Thursday, 22 October 2009

From Bloomsbury to the Cape of Good Hope

Following my blog entry, Wesleyan Methodists emigrate to the Cape of Good Hope, Rodney Jones contacted me from Randburg, South Africa. He wrote: 'One of my wife's distant ancestors has links to Bloomsbury.

James Hancock (top picture) was born on 1 May 1776 in Newcastle-under-Lyme, Staffordshire, England. He married Ann Kennedy (b. 1790, picture above) on 21 February 1808 at the Church of St George the Martyr, Bloomsbury. Ann was a Londoner, born in Bride Lane, in the City. James and Ann were two of the 1820 Settlers to South Africa, part of Hezekiah Sephton's party in the ship Aurora (344 passengers). They departed from London on 15 February 1820, and arrived at Simon's Bay on 1 May 1820. They arrived at their final destination of Algoa Bay, Cape Colony, on 15 May 1820.

James Hancock was a china painter. He founded an art school in Grahamstown. James Hancock was a Wesleyan lay preacher. In 1833, he had a street named after him (Hancock Street) in Port Elizabeth.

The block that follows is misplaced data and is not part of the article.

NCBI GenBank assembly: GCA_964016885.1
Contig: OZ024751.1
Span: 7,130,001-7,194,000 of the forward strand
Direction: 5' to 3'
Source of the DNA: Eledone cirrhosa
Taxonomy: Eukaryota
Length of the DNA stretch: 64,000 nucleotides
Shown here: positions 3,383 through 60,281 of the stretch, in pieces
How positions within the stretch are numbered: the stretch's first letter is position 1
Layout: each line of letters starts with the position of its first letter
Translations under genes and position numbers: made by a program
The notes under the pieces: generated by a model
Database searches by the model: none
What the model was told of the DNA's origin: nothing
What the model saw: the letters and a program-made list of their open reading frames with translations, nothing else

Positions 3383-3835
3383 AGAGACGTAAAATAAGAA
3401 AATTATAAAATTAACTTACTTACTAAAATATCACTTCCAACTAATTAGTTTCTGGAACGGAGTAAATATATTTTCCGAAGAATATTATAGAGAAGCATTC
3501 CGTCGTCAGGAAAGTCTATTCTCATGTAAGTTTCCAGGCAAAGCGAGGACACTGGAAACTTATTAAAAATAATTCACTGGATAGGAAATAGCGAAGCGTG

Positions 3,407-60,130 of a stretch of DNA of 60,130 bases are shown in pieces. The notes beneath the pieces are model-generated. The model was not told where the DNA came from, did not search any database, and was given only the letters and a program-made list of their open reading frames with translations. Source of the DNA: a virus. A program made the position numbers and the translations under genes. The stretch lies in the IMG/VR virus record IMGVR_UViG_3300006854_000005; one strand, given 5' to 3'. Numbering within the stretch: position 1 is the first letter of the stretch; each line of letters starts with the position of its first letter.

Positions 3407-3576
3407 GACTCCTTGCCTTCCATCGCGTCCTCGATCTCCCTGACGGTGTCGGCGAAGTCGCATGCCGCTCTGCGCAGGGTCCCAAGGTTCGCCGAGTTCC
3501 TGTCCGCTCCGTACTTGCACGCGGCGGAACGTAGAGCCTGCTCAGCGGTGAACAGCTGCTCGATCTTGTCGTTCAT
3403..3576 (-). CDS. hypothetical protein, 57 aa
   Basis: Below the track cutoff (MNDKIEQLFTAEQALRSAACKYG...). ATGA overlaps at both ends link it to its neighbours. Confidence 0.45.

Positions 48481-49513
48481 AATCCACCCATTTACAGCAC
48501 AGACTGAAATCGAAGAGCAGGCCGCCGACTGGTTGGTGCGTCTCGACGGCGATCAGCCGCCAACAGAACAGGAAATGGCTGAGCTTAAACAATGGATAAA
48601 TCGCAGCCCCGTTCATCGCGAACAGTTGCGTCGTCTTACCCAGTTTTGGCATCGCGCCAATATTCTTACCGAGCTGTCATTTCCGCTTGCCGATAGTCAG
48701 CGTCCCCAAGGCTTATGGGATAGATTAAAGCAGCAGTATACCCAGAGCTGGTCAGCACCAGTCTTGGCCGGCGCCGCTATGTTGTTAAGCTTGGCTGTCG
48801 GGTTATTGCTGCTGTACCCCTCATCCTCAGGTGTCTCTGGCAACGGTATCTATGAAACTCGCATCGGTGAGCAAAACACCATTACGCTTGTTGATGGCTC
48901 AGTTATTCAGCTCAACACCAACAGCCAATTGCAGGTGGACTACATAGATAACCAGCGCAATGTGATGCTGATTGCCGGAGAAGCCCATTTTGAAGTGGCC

He died on 20 August 1837, in Port Elizabeth, Cape Colony. He is buried in the Old Settler Cemetery, South End, Port Elizabeth, South Africa.

Any further information about James Hancock would be of great interest to me.'

Hezekiah Sephton, who led the emigrating party, was a carpenter of 1 Bedford Court, Red Lion Square, Bloomsbury. He and other members of the group seem to have been members of the Great Queen Street Wesleyan Methodist Chapel, which was just over the Bloomsbury border in Holborn. They formed themselves into the United Wesleyan Methodist Society, with a committee responsible for the organisation of the party. The selection of the clergyman was put in the hands of the committee of the General Wesleyan Methodist Missionary Society, whose choice fell on the Rev William Shaw. Read more about this journey by clicking on the link to Hezekiah Sephton.